Pierce County middle and high school chess players of all skill levels are invited to the ... Chess Logo

Pierce County High School Chess Championships

Saturday, February 17, 2024 at Eatonville HS

Register here -- Final Standings here

Pierce County Middle School Chess Championship: For 6th-8th grades, happens concurrently with the high school championships in a separate playing division.

Location: Eatonville High School, 302 Mashell Ave N, South Hall, commons and gym.

Who Can Play: Students must attend school (or home school) in Pierce County.
High School Championship is for 9th-12th graders, Middle School Championship for 6th-8th graders.

Team Championship: This event is also a Regional Qualifying Tournament. Winning high school teams qualify to compete in the 58th annual Washington State High School Chess Team Championships, being held this year March 1st and 2nd at Interlake High School. A school's team score is the sum of the best five results from a school.

Individual Championship: Individual Champions earn the titles of 2024 Pierce County High School Chess Champion, and 2024 Pierce County Middle School Chess Champion.

Format: Each section has five rounds, no elimination, so all players play all five rounds. USCF Swiss pairings are used, so players of similar score face off each round. One point is awarded for a win, zero for a loss, a half point for a draw.

Check-in: 9:00 to 9:25am.
Be prompt - late arrivals might not be paired for Round 1, receiving a half point bye.
Player's Meeting: 9:30am
Round 1: 10:00
Round 2: 11:10
Lunch Gap
Round 3: 12:30
Round 4: 1:30
Round 5: 2:30
Awards ceremony 3:45pm or asap.

Tournament Rules: NWSRS scholastic tournament rules are in effect. Those are clarified in the FAQ below, but the main ones are:

  • If you touch a piece, you must move it. (Accidental bumps don't count.)
  • Clocks will be used. (25 minutes per player, plus a five second time delay, so games will not last over an hour.)
  • Both players must record the moves, until one player has 5 minutes or less on the clock. Then both players may cease recording if desired.

Awards: Top finishing high school teams earn a berth to the 58th annual Washington State High School Chess Team Championships. Trophies to top 5 individuals and teams for high school and middle school. Certificates for 6-15th places for individuals in high school and middle school divisions.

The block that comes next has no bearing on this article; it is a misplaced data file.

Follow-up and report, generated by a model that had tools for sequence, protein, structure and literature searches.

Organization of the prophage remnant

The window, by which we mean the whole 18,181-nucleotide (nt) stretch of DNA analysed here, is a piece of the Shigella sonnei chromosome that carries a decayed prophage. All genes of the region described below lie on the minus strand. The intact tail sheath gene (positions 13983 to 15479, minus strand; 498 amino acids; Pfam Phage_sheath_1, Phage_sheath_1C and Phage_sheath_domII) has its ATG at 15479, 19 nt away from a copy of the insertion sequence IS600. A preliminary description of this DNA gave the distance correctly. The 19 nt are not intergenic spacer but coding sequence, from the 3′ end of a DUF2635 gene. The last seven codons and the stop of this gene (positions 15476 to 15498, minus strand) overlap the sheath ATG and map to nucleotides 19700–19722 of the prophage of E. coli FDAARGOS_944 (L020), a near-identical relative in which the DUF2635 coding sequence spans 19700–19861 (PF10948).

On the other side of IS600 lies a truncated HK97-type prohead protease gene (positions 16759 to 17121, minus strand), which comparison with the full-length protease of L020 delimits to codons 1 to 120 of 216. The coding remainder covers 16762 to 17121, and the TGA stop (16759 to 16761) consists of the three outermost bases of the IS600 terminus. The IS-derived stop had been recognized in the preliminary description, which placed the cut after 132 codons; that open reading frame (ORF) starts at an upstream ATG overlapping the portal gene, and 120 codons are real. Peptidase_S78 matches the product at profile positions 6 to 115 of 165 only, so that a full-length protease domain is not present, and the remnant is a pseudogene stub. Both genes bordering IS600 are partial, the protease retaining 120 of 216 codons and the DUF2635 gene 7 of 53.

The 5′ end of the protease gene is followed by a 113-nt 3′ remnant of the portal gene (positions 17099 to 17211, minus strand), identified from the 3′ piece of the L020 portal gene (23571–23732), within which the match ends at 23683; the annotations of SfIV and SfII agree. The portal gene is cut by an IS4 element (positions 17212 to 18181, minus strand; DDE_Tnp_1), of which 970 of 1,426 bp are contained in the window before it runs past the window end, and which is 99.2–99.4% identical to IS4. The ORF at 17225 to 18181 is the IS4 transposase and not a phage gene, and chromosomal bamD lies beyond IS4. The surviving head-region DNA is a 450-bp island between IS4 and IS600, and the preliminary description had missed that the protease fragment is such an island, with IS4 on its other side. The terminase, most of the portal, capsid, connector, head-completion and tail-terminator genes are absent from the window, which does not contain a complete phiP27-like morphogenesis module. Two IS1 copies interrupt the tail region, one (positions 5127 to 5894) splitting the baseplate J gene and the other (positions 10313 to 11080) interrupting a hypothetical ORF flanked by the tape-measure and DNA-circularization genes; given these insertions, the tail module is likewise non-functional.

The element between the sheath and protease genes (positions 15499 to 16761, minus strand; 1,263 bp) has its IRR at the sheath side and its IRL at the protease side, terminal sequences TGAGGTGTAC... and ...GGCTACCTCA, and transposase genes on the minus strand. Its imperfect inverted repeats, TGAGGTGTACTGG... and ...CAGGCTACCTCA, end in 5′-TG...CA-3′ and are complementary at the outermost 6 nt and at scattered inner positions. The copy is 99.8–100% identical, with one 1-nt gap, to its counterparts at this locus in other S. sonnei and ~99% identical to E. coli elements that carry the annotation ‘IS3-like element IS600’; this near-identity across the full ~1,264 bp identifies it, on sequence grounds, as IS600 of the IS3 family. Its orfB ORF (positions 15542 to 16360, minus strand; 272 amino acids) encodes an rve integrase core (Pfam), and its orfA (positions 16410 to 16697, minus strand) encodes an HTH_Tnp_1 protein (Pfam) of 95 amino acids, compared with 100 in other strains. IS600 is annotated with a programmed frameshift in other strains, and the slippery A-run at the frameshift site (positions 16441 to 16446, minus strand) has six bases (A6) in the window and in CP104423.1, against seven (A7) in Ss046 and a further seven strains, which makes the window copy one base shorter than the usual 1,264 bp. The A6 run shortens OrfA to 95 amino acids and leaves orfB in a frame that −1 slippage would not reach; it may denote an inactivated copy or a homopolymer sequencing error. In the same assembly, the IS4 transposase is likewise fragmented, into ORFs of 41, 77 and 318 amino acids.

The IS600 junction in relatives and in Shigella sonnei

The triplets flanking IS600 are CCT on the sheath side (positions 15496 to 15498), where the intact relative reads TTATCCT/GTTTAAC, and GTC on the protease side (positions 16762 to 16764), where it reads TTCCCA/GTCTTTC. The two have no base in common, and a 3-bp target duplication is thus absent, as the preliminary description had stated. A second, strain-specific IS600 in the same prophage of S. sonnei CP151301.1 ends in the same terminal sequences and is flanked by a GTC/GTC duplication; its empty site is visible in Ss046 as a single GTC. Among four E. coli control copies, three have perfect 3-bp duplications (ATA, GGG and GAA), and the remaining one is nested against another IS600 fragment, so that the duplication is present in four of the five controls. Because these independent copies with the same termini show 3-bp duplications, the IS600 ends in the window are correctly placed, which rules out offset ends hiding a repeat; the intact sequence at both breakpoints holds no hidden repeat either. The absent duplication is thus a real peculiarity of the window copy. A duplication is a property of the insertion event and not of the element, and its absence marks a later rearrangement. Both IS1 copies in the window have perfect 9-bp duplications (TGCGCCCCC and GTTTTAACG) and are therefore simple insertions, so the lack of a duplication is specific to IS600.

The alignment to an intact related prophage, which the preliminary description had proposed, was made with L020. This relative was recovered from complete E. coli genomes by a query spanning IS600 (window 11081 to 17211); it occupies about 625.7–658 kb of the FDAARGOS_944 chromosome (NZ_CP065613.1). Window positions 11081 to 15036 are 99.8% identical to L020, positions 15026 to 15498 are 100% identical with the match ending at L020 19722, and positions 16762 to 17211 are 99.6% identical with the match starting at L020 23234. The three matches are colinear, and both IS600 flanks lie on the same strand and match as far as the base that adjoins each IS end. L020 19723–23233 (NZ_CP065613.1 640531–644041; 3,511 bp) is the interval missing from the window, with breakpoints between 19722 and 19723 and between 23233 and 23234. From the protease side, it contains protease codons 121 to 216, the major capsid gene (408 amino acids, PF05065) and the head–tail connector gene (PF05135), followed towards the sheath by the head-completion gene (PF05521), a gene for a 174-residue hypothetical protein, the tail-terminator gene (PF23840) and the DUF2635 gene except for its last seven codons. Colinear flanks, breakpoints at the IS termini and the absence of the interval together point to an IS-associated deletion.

Cost: Entry fee $15 per student.

To Enter: Advance registration required. Register here. New deadline to enter is 8:00pm Thursday, February 15.

Bring: Directions to the site. Pen. Chess clock, if you own one. Boards, sets, clocks and scoresheets are provided, but bring a chess set if you want to play games between rounds in the relaxation ("skittles") area. Concessions will be available, and/or bring a sack lunch.

Questions: Start with the FAQ below. If further questions, email Tournament Director Randy Kaech at whsca.chess@gmail.com.

Sponsored by: The Eatonville High School Chess Club, in cooperation with the Washington High School Chess Association. WHSCA is a volunteer run, non-profit organization, responsible for guiding high school chess leagues throughout Washington and directing the annual Washington State High School Chess Team Championships.

Note: Originally set for Jan. 13, the tourney was moved to Feb. 17 due to snow.


Pierce County HS and MS Chess Championships FAQ

I'm not a good chessplayer. Should I play?
If you enjoy chess, come play. Doesn't matter if you're experienced or not. Swiss pairings will pair you with other players around your same skill level. For example, if you don't win your first games, you'll play someone else with the same score. We're all learning together.

I'm in 9th grade, and I attend a middle school. Do I enter the middle school tourney or the high school tourney?
If you're in 9th grade, you would compete in the 9th-12th grade tourney with high schoolers.

How do I record my moves?
Yes, scorekeeping is required, just like at State. To learn how, check out this web page. It takes some getting used to, but it's not hard. It will help you improve, as you'll be able to review your games. It helps avoid disputes. And, once you can read chess notation, you can read chess books from all around the planet. Scoresheets will be provided, but do bring a good pen or pencil.

I grabbed a chess piece. If I haven't taken my hands off of the chess piece yet, can I change my mind?
In a rated tournament like this one, if you even touch a chess piece with your fingers, you must move it. And if you touch an opponent's piece, you must capture it. So sit on your hands until you know what you want to do. You have time. If a piece needs to be centered or adjusted, you may do so on your turn only, by first saying "I adjust". If you accidentally brush against a piece, you don't have to move it.